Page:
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Diary of a Witness Hardcover – August 25, 2009

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Editorial Reviews

From School Library Journal

Grade 7 Up—Ernie and Will stick together to minimize or deflect the regular bullying aimed at them by a cruel group of five jocks. Ernie's mom and his Uncle Max provide a caring support system, but the boy is overweight. Will is lanky with bad skin and a mother who left him and his younger brother, Sam, with an alcoholic father. The friends enjoy fishing together until the day Sam drowns when their boat capsizes. Will's feelings of guilt about his brother's death and sadness about parental neglect cause him to attempt suicide. Luckily, perceptive Ernie recognizes his friend's signals and intervenes in the nick of time. Despite these circumstances, the bullies continue their harassment, until Will has had enough and plans to get even with a gun. Ernie and Will are sympathetically drawn characters who just want peace, one another's friendship, and the little joy that comes their way. Like Gray in Nancy Garden's Endgame (Harcourt, 2006) and Brett in Patrick Jones's Nailed (Walker, 2006), Will faces challenging family relationships plus the torment of bullies, and reaches a breaking point where he strikes back to end the pain. The open-ended conclusion offers readers hope that he gets the help he needs, and leaves them with a great respect for Ernie as he chooses to do what is right.—Diane P. Tuccillo, Poudre River Public Library District, Fort Collins, CO END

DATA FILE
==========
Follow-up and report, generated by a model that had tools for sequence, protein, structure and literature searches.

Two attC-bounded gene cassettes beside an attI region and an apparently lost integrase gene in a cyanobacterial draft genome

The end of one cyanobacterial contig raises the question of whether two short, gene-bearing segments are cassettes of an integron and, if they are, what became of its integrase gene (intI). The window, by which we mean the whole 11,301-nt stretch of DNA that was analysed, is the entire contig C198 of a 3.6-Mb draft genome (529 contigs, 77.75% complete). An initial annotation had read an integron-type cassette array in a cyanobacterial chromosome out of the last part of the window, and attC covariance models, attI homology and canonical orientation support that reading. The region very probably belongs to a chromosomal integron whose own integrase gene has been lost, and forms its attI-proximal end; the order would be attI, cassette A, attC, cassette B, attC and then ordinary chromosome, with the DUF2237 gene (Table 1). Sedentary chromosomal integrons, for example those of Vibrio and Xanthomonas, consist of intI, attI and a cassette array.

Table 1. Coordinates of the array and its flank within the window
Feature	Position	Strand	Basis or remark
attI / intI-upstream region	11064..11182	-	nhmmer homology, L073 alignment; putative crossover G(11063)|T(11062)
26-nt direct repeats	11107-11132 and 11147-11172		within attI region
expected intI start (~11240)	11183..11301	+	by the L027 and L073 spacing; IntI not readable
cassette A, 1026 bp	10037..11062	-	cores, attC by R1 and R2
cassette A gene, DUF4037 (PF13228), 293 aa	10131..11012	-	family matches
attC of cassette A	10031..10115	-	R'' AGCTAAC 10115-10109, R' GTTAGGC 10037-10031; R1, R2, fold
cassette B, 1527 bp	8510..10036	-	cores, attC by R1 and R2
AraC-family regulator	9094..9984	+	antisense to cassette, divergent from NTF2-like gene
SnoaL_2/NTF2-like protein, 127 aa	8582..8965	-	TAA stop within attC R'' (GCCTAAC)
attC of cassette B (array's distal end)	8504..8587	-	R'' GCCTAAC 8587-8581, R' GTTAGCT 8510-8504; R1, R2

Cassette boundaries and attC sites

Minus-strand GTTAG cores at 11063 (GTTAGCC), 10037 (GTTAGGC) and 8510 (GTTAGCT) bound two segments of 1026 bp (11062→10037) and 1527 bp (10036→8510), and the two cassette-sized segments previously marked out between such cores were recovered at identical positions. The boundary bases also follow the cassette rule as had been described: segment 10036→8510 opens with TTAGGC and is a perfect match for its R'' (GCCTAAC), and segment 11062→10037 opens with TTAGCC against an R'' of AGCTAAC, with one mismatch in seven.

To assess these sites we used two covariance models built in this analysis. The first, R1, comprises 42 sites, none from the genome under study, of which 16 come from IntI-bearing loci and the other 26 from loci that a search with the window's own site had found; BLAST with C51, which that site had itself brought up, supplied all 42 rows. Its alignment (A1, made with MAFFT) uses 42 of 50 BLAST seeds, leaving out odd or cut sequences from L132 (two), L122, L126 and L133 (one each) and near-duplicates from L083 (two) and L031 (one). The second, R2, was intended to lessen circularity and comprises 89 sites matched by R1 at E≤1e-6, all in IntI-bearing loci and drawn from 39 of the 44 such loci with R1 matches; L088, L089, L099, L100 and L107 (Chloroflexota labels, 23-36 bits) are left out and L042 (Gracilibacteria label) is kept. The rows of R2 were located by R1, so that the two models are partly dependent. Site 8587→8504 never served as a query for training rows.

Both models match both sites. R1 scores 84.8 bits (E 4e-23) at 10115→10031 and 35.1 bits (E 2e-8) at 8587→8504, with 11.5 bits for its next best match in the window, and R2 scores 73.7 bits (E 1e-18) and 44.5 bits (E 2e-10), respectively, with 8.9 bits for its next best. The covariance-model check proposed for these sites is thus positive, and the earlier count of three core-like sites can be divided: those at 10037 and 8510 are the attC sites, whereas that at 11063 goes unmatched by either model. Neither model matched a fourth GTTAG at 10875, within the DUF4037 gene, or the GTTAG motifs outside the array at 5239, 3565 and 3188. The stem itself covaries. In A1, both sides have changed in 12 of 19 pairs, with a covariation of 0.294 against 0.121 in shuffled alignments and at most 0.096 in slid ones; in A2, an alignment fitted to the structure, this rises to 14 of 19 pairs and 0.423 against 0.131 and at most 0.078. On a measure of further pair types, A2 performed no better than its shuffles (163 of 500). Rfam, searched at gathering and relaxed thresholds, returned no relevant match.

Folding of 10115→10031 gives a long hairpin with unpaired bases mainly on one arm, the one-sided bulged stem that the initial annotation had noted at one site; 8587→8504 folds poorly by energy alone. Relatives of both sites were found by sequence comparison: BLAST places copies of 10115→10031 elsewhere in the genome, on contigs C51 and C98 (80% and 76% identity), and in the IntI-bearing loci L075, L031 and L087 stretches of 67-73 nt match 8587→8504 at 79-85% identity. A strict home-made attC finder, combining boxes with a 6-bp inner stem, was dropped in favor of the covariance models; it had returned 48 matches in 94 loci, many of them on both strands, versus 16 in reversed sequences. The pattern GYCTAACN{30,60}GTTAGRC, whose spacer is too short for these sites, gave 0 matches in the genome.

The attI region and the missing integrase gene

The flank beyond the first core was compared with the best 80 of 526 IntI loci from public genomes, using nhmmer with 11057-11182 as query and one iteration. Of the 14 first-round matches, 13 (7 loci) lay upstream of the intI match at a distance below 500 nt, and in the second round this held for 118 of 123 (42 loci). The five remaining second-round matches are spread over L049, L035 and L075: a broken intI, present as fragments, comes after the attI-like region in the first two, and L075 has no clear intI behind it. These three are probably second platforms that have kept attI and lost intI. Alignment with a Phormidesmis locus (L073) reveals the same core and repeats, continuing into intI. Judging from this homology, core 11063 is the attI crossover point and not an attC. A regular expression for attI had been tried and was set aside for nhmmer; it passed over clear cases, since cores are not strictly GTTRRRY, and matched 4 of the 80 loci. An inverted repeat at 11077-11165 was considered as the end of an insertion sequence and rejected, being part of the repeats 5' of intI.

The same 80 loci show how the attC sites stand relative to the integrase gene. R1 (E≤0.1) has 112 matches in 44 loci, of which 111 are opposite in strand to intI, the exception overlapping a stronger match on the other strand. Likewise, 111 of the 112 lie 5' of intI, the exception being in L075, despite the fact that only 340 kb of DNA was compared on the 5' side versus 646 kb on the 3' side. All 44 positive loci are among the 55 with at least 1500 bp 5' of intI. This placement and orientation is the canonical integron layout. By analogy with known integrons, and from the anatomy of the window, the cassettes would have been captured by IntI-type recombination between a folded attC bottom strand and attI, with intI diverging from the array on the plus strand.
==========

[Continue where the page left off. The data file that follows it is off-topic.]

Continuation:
About the Author

Catherine Ryan Hyde’s young adult novels include Becoming Chloe, The Year of My Miraculous Reappearance, and The Day I Killed James. She lives in California. --This text refers to an out of print or unavailable edition of this title.
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Product Details

  • Age Range: 12 and up
  • Grade Level: 7 and up
  • Lexile Measure: 510L (What's this?)
  • Hardcover: 208 pages
  • Publisher: Knopf Books for Young Readers (August 25, 2009)
  • Language: English
  • ISBN-10: 0375856846
  • ISBN-13: 978-0375856846
  • Product Dimensions: 5.9 x 0.8 x 8.6 inches
  • Shipping Weight: 12 ounces (View shipping rates and policies)
  • Average Customer Review: 4.7 out of 5 stars  See all reviews (30 customer reviews)
  • Amazon Best Sellers Rank: #1,256,729 in Books (See Top 100 in Books)

More About the Author

Catherine Ryan Hyde is the author of 30 published and forthcoming books, including WORTHY, THE LANGUAGE OF HOOFBEATS, TAKE ME WITH YOU, WHERE WE BELONG, WHEN I FOUND YOU, WALK ME HOME, SECOND HAND HEART, DON'T LET ME GO, and WHEN YOU WERE OLDER. New Kindle editions of her backlist titles FUNERALS FOR HORSES, EARTHQUAKE WEATHER AND OTHER STORIES, ELECTRIC GOD, and WALTER'S PURPLE HEART are now available. Also available is THE LONG, STEEP PATH: EVERYDAY INSPIRATION FROM THE AUTHOR OF PAY IT FORWARD, her first book-length creative nonfiction.